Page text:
The CFPB needs some time to carefully consider and reply to genuine concerns highlighted by the commenters. The staff of the bureau will really need to work 24/7 to be able to sift through, review and analyze the 1.4 million comments internally before the new administration takes over the reins of the government. Scrutinizing the comments of the arbitration rule is going to take some more time. The bureau’s proposed rule on arbitration and payday lending is going to influence significant change in the financial services market and affect so many consumers, along with their accessibility to credit. The bureau should give it the attention and time that it needs.

CFPB need to exercise control to get the rules right and to maintain legitimacy. Originally, the bureau did not have any accountability to the president and the Congress. Its structure was recently held as an independent agency by the decision of a federal appeals court. The court even said that the director of the CFPB is the single most powerful official in the entire US government, next only to the president.

The problem was addressed by the court and it gave the president the power to sack the director for various reasons other than neglect of his duty. The president has the authority to oversee the work of the CFPB and fire the director, just like for any other agency.

The CFPB also need to avoid taking aggressive actions for the interest of legitimacy until the new president decided on who he wants as director for the bureau. The future of CFPB is uncertain, and therefore, any new rules will be viewed as an invalid attempt to dictate policies. This can lead to the rules being overturned by the new administration and can cause even more uncertainties in the industry.

Instead of putting the financial industry under whipsaw policy, the bureau and its director need to step away from the pen. CFPB should spend some time to work through the information that it has received as response for its proposed rules. This way, the new administration will be able to make better, informed decisions. The major goals of the bureau is to protect the customers and promote innovation and access in financial products and that does not change. The best way for the bureau at this moment is to wait before inaugurating and announcing the final policy regarding payday loans online industry. They need to really take the time to evaluate and assess the whole situation.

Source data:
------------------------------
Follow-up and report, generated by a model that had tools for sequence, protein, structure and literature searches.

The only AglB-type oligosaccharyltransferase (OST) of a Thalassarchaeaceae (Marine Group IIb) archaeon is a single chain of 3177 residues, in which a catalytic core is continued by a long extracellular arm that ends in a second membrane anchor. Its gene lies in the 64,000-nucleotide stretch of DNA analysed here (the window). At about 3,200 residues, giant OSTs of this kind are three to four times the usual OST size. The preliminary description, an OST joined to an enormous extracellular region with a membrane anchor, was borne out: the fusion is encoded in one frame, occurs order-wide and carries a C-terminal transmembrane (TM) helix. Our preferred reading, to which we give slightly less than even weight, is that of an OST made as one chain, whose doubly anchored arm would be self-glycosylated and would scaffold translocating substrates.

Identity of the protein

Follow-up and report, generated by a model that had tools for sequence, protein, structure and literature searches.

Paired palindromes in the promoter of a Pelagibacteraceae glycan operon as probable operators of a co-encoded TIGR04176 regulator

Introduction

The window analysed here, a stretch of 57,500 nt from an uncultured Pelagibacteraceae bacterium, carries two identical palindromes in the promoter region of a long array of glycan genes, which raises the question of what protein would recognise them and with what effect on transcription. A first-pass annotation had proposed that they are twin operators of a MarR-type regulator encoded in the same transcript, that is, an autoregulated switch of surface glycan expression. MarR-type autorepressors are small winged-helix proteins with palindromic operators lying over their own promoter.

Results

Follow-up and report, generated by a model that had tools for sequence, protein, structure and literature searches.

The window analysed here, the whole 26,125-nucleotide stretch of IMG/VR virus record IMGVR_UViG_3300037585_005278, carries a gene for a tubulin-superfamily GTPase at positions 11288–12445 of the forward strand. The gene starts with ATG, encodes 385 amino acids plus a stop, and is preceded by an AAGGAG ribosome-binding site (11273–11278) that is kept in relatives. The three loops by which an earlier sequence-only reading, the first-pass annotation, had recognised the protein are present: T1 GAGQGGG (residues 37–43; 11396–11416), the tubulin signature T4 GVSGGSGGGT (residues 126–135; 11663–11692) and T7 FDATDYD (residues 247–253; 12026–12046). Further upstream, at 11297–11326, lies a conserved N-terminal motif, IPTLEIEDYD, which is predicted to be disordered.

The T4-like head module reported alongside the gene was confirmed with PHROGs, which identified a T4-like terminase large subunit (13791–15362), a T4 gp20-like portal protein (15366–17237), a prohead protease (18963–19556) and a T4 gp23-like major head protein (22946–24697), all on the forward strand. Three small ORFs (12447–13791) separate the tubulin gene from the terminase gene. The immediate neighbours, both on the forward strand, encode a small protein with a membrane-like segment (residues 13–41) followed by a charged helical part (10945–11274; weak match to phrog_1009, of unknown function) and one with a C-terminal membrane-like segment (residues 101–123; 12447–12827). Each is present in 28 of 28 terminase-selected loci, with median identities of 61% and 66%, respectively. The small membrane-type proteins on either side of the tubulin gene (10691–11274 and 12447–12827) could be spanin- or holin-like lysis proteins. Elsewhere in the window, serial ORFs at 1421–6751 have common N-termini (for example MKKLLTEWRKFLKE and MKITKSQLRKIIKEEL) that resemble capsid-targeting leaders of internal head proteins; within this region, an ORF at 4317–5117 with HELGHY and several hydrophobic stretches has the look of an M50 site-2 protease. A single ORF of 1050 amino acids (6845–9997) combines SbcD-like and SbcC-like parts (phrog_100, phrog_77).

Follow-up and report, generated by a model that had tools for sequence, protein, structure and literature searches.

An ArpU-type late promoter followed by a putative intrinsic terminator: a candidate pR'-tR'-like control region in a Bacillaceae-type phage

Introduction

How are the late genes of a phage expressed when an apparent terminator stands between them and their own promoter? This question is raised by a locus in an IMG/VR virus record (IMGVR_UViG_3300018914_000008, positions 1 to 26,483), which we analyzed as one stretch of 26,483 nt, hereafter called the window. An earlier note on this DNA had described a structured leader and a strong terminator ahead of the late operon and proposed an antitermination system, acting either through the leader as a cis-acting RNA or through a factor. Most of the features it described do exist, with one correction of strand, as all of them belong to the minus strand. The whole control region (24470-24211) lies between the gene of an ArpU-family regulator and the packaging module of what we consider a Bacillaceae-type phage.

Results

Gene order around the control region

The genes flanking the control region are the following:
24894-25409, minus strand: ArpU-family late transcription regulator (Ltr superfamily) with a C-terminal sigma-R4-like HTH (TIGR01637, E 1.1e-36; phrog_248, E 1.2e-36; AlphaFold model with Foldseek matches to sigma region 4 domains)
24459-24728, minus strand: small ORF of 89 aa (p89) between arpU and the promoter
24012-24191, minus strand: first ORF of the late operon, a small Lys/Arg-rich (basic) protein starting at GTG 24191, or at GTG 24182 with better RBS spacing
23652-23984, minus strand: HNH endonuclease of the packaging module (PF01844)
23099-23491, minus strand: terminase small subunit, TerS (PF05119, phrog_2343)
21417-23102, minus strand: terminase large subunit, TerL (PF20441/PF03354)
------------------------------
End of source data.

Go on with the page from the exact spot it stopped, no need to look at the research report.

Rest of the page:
Calls for the Elimination of the CFPB Continue to Increase

The Consumer Financial Protection Bureau (CFPB) has certainly made its fair share of headlines over the past few years. From its moves to make debt collections agencies more transparent and accountable to their more recent proposed payday lending rule, the CFPB has managed to maintain a vicelike grip on various sectors of the financial industry. A government organization doesn’t do the kinds of things the CFPB has been known for without amassing its share of detractors and opponents.

For a while, there were only a few individuals or organizations that were vocal about wanting to limit the power of the CFPB. Now, though, there are increasing calls for the Consumer Financial Protection Bureau to be done away with once and for all. Whether or not that will happen is something we’ll all have to wait and see. However, it is interesting that this pet organization of President Obama’s is becoming the target of increasing complaint, as Obama prepares to leave office in the very near future.

The CFPB was created as part of the Dodd-Frank Wall Street Reform and Consumer Protection Act. It has, since its inception, morphed into one of the most unaccountable and powerful agencies of the federal government over the past five years. This agency has a staff of more than 1,000 people and a nearly limitless budget. The CFPB has taken steps to restructure the mortgage industry, put restrictions on the major credit bureaus, change student loans, and to effectively destroy the payday and title lending industries. This massive amount of control of seemingly every type of financial business seems to be a huge overreach and has already led to the demise of more than a few legitimate businesses in this country.

The thing is, the CFPB seemed to be designed to get around the standard checks and balances that most other regulatory agencies deal with from the very beginning. From the top down (and don’t forget, the CFPB is headed up by a single director, and not a bipartisan committee) the CFPB has handed down decisions that make American consumers seem to be like children, who have no idea how to handle financial transactions on their own. The CFPB has been called by some just another attempt by the government to create a nanny state.

When the government makes it a point to meddle in the financial marketplace, there will always be serious consequences. With regards to the CFPB, our laws are being superseded by the whims of a powerful, yet unaccountable agency that is controlled by a single person; an unelected one, at that! The actions that the CFPB continues to take most certainly lead to consumer-level uncertainty. New regulatory statutes handed down by the CFPB will likely wind up costing consumers more while reducing their options for financial services and products.